Biltmore Estate’s Real Christmas Tree Tradition in North Carolina
The iconic and beautiful decorated evergreen tree is a holiday staple in many households during the month of December. The Christmas tree tradition dates back to 1510 in Riga, Latvia. In the early years, it was decorated with paper, sweets and food. Tree decorations have certainly evolved through the centuries, but the tradition of a home displaying a tree has remained strong.
According the National Christmas Tree Association, the first Christmas tree was brought to Colonial America in 1777 by Hessian soldiers fighting for Britain during the American Revolution. But the Christmas tree custom really didn’t catch on and grow by leaps and bounds in the new world until German immigrant Charles Minnigerode, a professor at William and Mary, introduced the custom to high society in Colonial Williamsburg in 1842.
By 1851, the first Christmas tree lot opened in New York City. Five years later, the 14th President, Franklin Pierce, brought the first tree into the White House. By 1895, George Vanderbilt was searching for the perfect live tree for his banquet hall at the Biltmore Estate in Asheville, North Carolina, for his first Christmas eve in his new magnificent home in the Blue Ridge Mountains.
Year after year, the hunt for the perfect evergreen tree during the holiday season is a thrill for many families. Choosing live trees for your home supports farmers and sustainability.
“There is just something unique and special about the Christmas tree hunt. Consumers who purchase live trees are supporting farmers. Each tree is unique with its own fragrance. Nothing is cookie-cutter, and everyone’s experience is different based on the type of tree they choose.”
stated Marsha Gray, Director of Communications for the National Christmas Tree Association.
North Carolina, where the tourism attraction Biltmore Estate is located, is one of the top five Christmas tree-producing states in the U.S. The holidays on the Biltmore Estate are grand, and the estate sees over 300,000 visitors during its holiday season, which starts at the beginning of November and runs until the first week of the new year.
The main attraction is a 35-foot-tall Fraser Fir that floral designers have had growing by a father-and-son tree farming team in Avery County for at least 35 years. George and Gregg Andrews have been growing and nurturing Biltmore’s banquet hall trees since 1975. They have a dedicated section of their mountain nursery exclusive to Biltmore. They grow the banquet hall trees, and then they help source the front lawn’s Norway spruce yearly.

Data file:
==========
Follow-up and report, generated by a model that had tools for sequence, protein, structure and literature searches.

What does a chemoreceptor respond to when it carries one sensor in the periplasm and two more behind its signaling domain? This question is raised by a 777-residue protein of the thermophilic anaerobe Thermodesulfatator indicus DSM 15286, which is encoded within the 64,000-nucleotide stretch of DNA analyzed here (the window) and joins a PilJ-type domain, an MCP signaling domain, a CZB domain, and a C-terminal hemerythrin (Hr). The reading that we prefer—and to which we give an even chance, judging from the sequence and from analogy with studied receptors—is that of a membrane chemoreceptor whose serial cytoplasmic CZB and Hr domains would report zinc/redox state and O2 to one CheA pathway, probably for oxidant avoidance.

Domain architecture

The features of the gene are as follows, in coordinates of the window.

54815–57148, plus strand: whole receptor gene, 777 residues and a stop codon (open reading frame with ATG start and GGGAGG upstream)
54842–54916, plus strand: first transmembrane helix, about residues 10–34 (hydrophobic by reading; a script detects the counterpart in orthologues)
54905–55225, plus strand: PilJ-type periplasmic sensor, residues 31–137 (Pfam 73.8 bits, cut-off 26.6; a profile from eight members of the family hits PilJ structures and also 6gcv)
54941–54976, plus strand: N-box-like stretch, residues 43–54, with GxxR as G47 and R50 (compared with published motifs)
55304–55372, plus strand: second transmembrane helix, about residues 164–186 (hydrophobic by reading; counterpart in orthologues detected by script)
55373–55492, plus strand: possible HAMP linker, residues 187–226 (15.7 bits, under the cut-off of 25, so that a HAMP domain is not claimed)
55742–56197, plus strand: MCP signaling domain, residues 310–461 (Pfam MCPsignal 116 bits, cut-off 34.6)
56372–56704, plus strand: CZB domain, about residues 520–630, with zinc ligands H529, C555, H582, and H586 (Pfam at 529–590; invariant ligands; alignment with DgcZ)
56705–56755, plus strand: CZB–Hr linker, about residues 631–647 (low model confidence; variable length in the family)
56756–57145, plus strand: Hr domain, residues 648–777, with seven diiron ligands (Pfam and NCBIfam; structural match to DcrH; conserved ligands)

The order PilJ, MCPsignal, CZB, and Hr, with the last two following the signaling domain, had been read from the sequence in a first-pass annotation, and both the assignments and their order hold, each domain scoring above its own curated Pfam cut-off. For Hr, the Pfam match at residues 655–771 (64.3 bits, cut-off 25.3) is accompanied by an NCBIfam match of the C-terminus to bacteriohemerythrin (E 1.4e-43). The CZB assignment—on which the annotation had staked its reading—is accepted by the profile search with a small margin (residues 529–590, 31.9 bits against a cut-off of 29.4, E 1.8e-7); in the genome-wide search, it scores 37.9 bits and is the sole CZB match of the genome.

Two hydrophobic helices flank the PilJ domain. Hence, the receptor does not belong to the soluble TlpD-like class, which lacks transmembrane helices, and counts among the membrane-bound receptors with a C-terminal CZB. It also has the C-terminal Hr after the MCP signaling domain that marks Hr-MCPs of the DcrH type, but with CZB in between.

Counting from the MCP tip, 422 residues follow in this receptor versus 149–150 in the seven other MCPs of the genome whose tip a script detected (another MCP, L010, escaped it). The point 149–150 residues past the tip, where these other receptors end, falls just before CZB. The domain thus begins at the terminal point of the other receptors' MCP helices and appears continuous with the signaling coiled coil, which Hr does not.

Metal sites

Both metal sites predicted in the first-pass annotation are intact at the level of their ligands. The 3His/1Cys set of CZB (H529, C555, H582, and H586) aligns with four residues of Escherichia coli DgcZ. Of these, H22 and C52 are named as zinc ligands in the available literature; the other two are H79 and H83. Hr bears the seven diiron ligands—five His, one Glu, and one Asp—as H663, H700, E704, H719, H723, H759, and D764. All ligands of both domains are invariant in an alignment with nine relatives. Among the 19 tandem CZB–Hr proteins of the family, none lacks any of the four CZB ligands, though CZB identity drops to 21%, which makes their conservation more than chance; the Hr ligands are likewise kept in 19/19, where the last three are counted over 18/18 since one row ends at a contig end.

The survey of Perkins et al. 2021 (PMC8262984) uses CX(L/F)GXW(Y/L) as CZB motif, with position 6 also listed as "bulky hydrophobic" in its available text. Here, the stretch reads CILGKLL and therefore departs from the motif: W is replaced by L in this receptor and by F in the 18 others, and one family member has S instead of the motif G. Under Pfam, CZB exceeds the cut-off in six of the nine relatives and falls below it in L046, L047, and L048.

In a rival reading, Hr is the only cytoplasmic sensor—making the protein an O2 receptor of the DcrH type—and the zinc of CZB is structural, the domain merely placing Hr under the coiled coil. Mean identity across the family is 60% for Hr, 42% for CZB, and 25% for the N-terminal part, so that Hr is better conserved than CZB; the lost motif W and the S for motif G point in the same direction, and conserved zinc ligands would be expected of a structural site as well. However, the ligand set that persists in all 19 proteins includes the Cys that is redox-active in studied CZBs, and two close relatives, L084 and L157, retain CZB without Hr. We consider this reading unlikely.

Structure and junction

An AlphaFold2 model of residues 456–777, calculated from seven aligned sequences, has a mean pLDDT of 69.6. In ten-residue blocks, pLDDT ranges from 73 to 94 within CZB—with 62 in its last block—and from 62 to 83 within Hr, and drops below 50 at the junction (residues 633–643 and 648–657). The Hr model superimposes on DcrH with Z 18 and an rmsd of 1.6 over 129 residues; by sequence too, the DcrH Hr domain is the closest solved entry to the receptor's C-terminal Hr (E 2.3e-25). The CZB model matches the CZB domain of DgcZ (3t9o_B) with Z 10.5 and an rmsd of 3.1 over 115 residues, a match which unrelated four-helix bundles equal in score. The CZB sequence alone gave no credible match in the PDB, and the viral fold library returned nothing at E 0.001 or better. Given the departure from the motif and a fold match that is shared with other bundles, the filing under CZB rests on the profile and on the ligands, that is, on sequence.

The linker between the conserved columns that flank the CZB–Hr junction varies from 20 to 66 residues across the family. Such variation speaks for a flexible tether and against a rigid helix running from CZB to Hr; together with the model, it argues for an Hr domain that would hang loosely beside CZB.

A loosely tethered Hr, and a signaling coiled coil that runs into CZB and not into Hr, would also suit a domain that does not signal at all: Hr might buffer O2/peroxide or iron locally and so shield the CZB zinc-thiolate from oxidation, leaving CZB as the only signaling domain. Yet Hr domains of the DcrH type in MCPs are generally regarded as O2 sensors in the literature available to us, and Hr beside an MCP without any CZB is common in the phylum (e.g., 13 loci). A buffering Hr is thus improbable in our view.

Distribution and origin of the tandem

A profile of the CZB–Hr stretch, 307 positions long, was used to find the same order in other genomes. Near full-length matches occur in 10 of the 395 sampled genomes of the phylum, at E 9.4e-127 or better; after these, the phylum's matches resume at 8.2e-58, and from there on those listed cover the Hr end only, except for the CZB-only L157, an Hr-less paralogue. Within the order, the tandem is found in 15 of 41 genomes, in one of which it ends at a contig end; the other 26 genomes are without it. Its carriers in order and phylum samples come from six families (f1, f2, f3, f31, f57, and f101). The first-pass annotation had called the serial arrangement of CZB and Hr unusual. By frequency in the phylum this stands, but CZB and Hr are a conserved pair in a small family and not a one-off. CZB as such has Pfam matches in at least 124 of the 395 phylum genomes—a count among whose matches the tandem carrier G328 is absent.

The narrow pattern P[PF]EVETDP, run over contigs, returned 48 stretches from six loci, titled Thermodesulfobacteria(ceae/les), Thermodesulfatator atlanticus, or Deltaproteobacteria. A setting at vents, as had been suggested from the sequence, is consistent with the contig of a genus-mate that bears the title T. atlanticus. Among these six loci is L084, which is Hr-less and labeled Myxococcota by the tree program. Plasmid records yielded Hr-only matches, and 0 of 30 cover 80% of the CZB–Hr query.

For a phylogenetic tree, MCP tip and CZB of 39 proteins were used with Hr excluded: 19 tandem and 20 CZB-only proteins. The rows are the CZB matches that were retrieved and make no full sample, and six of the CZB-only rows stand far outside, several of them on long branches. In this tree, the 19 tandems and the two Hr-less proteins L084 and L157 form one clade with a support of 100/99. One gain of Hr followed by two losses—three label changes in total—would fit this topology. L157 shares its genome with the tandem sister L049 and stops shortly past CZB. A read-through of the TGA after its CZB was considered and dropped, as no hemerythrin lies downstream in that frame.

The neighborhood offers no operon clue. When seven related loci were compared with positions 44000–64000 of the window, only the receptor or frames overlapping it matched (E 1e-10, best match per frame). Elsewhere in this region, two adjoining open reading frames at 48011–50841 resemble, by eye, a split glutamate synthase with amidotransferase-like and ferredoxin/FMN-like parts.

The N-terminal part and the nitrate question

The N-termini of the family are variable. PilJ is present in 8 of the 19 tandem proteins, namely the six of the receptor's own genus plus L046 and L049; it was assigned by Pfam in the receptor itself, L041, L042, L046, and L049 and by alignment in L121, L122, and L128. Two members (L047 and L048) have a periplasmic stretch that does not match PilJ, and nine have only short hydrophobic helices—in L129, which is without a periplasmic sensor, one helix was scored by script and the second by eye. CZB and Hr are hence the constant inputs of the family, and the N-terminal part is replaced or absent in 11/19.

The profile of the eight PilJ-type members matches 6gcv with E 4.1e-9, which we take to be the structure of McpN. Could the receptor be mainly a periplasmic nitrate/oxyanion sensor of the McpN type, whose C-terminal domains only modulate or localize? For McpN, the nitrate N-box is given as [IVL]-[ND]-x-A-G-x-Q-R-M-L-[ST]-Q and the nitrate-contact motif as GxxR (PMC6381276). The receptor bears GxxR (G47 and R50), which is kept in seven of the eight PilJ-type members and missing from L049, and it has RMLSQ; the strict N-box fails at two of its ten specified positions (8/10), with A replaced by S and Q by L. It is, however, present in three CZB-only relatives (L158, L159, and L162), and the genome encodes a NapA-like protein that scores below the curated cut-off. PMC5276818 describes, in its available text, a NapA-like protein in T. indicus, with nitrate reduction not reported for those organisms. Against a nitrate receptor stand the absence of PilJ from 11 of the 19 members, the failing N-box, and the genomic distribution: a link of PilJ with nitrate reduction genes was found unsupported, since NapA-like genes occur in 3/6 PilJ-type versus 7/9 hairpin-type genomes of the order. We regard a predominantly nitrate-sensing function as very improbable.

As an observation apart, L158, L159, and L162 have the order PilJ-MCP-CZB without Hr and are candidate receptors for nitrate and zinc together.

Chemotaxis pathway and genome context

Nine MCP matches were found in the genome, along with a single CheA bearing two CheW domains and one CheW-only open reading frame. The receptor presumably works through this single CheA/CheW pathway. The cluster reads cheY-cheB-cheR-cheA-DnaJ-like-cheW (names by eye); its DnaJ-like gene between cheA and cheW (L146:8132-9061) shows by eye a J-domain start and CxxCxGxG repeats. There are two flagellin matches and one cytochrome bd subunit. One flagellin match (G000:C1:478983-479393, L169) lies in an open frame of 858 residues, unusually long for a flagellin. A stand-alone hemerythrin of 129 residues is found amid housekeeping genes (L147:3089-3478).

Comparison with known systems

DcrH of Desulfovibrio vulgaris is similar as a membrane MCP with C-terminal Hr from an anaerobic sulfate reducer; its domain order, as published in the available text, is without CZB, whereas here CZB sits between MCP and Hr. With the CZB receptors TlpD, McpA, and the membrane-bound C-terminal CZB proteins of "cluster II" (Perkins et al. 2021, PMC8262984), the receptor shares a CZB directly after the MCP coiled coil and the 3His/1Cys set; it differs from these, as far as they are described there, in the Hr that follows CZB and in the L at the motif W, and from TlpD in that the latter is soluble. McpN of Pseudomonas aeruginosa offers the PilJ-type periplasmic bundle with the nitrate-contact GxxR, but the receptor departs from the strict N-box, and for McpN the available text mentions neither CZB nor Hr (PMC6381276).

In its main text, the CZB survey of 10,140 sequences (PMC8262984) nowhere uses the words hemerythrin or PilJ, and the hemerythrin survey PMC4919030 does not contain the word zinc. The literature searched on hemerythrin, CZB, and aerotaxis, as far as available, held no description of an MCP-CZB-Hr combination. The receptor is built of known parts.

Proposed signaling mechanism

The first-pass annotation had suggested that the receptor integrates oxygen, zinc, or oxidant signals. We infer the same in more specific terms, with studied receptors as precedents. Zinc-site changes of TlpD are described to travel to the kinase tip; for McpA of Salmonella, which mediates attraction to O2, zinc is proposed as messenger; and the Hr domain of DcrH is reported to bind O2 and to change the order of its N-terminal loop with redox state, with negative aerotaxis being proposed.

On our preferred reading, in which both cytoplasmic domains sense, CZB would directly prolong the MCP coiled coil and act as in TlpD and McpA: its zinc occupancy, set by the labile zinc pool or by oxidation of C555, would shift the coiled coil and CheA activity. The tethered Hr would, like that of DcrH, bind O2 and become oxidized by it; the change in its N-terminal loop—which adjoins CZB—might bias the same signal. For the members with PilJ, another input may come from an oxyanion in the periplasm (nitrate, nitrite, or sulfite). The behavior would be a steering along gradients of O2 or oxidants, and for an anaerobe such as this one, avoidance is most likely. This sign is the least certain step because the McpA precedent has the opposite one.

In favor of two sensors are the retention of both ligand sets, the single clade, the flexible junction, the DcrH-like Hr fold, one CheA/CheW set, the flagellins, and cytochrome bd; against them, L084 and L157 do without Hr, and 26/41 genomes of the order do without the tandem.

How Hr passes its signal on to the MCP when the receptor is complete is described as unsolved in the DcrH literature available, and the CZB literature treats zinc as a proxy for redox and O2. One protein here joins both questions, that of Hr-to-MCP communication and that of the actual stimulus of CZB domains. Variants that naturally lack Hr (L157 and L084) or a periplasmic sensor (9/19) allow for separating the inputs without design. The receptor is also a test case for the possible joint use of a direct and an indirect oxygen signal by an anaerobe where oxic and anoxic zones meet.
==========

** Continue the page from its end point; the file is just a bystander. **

“The Andrews have been working with our floral displays manager, Cathy Barnhardt, for over 30 years. Cathy has a very particular look she is going for when she curates the banquet hall tree. In 1895, the Vanderbilts would have gone to a hillside and got a tree off the mountain. This is the tradition that she keeps with this spectacular tree.”
stated LeeAnn Donnelly, Senior Public Relations Director at Biltmore.
And Biltmore needs not just one, but two of these large Christmas trees during its holiday tourism season. Because the holiday season is stretched out over two months, Biltmore elves replace the tree mid-season when the house is closed. The first tree enters the home with visitor awe.
“The raising of our banquet hall Christmas tree is a crowd favorite. We do this a few days before we open for the holiday season,” remarked Donnelly. “The tree comes in on a horse-drawn carriage with Santa and a trumpet fanfare.”
The huge tree is paraded around the lawn then is parked at the front entrance. Forty to fifty employees then put poles under the tree and they begin to pole-raise, lift and move the 3,500-pound tree.
“It’s like a very well-choreographed dance by many of our staff as they navigate this tree inside the banquet hall.”
Each holiday season, Biltmore decorates with a new holiday theme. This year’s theme is “Hearth and Home.” The House sparkles with 30,000 twinkling lights, hundreds of candles reflecting in thousands of ornaments, while miles of garland accent every corner. Outside, 300 hand-lit luminaries adorn Biltmore House’s front lawn and draw attention to the lighted 55-foot Norway spruce draped with 45,000+ lights.
Biltmore’s banquet hall tree is much larger than the tree typically presented to the First Lady at the White House for the Blue room each year. This year’s White House tree will be a 19-foot Balsam-Veitch fir from Oconto, Wisconsin. The tree’s farmers, Dave and Mary Vander Velden, won the 2015 National Christmas Tree Contest, taking the title of Grand Champion.
“It’s a very big honor. In order to present a tree (to the White House), you have to win the national championship. It’s like winning the Super Bowl or a gold medal at the Olympics. It doesn’t get better than that,”
commented Dave Vander Velden of Whispering Pines Tree Farm.
“I started experimenting with these types of trees years ago, trying to find the goose that lays the golden egg. They are a group of very nice trees. They grow well and have what it takes to be a good tree.”
Dave Vander Velden said.
A National Christmas Tree Association member has presented the official White House Christmas Tree since 1966.
What about you – do you have a real Christmas tree this year?
Share yours on Instagram and use #skimbaco so we can see it! Happy Holidays!
This article originally appeared in our digital magazine.
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